What's your favorite genre in which to read?

For a long time I read mainly crime novels and thrillers – growing up my Dad`s bookcase interested me far more than my mother`s. However, in recent years I have broadened this to include women`s fiction, and high-quality chick-lit. I am also trying to work my way through some classics – last summer I read Gone with the Wind (having never seen the film) and just finished Lucy Maud Montgomery`s the Blue Castle.

What was your first writing "instrument"?

When I was seven or eight my grandparents bought me a little green typewriter. I can`t remember actually using it to write stories. My imagination in those days was too busy thinking up far naughtier schemes. These included writing a poison pen letter to my best friend`s evil babysitter, demanding she let my friend play inside when it was raining, and faking a love letter to myself from a boy at school (which to his bemusement, everyone fell for).

Tell us 3 things your readers might not know about you.

I love contemporary country music – very rare musical taste for a thirty-something English woman!

I used to work in a university laboratory doing cancer research – a fascinating, challenging, rewarding job.

I overcame years of selective mutism to the extent that one of my passions is now public speaking.

If you were one of God's creatures other than a human, what would you be?

One of God`s creatures…maybe an angel? Not a cute angel with wings and a harp, a warrior angel with a sword on a mission from God. I think I`d prefer that to any animal.

What's next for you?

I`m still spinning a lot of plates – working hard to fit writing in between my other commitments. This Autumn I completed my second novel, currently titled I Hope you Dance, about a woman who has to (very reluctantly) move back in with her parents after her partner dies. It's also about starting again, first love, a bunch of fabulous women friends, a terrifying stalker and ballroom dancing.

Making Marion

Marion Miller comes to Sherwood Forest to uncover her father’s mysterious past. She is looking for somewhere to stay, but instead finds herself on the wrong side of the reception desk at the Peace and Pigs campsite. Despite her horrible shyness, she promptly lands herself a job working for the big-hearted and irrepressible Scarlett. It takes all of Marion’s determination to come out of her shell and get to grips with life on a busy campsite, where even the chickens seem determined to thwart her. Then an unfortunate incident with a runaway bike throws her into the arms of the beautiful, but deeply unimpressed, Reuben… Can Marion discover her father’s secret? And will she find peace, and perhaps even love, among the pigs?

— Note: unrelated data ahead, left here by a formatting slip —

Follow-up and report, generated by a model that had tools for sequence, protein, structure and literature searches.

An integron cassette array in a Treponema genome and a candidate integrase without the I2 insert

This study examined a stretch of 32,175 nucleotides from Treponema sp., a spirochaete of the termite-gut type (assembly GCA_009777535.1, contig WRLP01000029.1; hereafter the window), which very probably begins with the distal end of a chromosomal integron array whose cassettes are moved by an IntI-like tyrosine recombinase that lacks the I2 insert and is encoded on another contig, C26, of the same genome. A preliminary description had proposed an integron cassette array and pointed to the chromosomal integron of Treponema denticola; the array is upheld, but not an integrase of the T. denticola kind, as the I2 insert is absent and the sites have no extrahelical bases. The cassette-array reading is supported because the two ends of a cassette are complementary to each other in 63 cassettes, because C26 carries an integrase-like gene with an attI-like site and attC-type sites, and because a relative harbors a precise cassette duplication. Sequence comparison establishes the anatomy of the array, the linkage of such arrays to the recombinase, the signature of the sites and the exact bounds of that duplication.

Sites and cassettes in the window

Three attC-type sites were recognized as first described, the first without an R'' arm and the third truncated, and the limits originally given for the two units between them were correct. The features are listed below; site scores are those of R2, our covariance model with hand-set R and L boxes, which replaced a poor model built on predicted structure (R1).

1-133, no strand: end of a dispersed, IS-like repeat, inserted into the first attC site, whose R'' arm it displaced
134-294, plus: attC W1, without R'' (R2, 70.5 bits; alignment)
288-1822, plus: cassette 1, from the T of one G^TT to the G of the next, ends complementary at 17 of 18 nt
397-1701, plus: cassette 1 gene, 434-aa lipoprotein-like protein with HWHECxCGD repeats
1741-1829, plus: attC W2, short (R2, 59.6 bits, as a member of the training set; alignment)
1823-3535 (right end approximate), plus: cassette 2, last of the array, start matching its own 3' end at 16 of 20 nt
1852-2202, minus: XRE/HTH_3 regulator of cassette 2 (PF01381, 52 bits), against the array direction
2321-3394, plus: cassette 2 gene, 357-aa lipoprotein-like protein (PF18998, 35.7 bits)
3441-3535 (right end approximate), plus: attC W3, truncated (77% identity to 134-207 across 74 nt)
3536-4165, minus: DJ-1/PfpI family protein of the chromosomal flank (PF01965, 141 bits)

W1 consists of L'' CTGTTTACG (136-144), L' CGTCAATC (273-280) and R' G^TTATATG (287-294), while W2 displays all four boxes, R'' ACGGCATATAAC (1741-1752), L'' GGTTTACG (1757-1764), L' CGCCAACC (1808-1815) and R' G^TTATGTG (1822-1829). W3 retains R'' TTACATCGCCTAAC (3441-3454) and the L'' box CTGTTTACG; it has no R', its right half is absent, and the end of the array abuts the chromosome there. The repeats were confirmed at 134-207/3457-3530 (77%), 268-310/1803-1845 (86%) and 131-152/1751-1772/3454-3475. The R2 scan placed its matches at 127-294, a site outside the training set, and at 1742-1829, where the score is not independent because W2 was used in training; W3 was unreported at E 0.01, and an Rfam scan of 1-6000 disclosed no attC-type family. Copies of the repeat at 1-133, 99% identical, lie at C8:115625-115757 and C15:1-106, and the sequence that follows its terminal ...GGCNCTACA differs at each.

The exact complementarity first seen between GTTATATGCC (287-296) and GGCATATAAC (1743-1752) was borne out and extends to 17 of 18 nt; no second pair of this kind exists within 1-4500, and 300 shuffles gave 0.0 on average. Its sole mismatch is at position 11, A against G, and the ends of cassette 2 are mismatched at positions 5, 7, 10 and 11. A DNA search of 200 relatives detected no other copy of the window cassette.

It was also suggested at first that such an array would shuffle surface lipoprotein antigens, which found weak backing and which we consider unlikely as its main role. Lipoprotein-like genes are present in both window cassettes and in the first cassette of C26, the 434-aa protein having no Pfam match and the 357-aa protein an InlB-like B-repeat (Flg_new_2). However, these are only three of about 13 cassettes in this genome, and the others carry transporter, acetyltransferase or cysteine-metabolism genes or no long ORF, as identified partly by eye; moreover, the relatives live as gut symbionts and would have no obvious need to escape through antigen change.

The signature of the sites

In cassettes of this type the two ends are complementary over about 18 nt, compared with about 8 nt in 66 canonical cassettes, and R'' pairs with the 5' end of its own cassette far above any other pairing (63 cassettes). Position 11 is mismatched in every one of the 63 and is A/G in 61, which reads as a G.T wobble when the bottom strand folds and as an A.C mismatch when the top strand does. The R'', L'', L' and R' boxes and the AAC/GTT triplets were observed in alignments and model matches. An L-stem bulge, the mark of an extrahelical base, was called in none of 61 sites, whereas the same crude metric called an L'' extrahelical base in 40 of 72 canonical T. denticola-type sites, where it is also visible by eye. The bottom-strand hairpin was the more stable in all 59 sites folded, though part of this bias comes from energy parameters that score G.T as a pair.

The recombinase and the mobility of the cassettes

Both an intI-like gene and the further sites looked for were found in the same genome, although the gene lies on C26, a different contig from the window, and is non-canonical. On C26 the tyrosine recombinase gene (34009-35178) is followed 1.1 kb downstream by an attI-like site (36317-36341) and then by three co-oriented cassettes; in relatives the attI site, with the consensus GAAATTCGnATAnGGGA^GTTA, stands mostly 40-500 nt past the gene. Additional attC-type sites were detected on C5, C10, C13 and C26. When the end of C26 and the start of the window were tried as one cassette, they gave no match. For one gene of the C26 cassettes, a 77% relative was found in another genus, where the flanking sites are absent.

Friday, December 12, 2014

Community Theater

I'm busy these days with writing and managing an avocational theatrical group. It's been a few years sins since I've been involved in theater, but we're having a blast. An exhausting blast. 

Last night and tonight, our group is presenting a dinner theater. The script is one I co-wrote with a friend. It's a farce, which really means it's an exaggeration of life, and that makes for some funny situations. 

Here's a shot of the cast:

L to R: Debbie Bush, Joyce Cutchins, Martha Wright, Dean King, 
Terry Mulligan (Hubs) and Marla Krohn

The center couple is Margaret & Beauregard Crudgemuffin. They're long on money and short on sense. The ladies on the left are sisters, locked in sibling rivalry they never outgrew. The butler (Hubs) served in a war with Beauregard and has been with him ever since. He and Margaret's mummy (with the cane) have a love-hate relationship. Both tipplers, the more they drink the hate turns to infatuation.

A few members of the cast have performed this together before and turn on the ad libs. I.being the savvy writer I am, grab those ad libs and add them to the script. Nothing make better comedy than ad libs. 

And nothing makes for better stories than theatrical mishaps. Got a story to share?

Thursday, December 11, 2014

Worth Her Weight by Janet K Brown

Worth Her Weight is Janet K. Brown’s debut inspirational women’s fiction, but it makes a perfect companion to her recently released, Divine Dining: 365 Devotions to Guide You to Healthier Weight and Abundant Wellness. Both books encompass her passion for diet, fitness, and God’s Word. Janet and her husband love to travel with their RV, visit their three daughters, two sons-in-law and three perfect grandchildren, and work in their church. Find her at her website on Twitter, @janetkbrowntx and on Facebook   

An excerpt from Worth Her Weight:


The acid from Mom’s hurtful words burned. Only a gooey, cream-filled donut could neutralize the pain. That, and maybe a couple of Snickers. I’m not going crazy. The phone heated Lacey’s hand. She wanted to drop it to the desk, but Mom’s prattle continued.
“You’re going nuts like your dad.” Her words sliced through Lacey like a tornado in a Texas cornfield.    
 Mom droned on about her visit with Katie, Lacey’s kid sister. Lacey opened a desk drawer, lifting out her bottle of Prozac. She turned it over to read the directions. If she downed these pills, her disappointing life would end. Old thoughts resurfaced, bringing a longing for peace but a warning of hellfire.
Mom took a breath between words. Lacey’s office was quiet except for the phone-voice of condemnation.
Reality dawned on Lacey with the bong of the office clock on the hour. She was a Christian. She was not crazy. She would conquer this weight problem.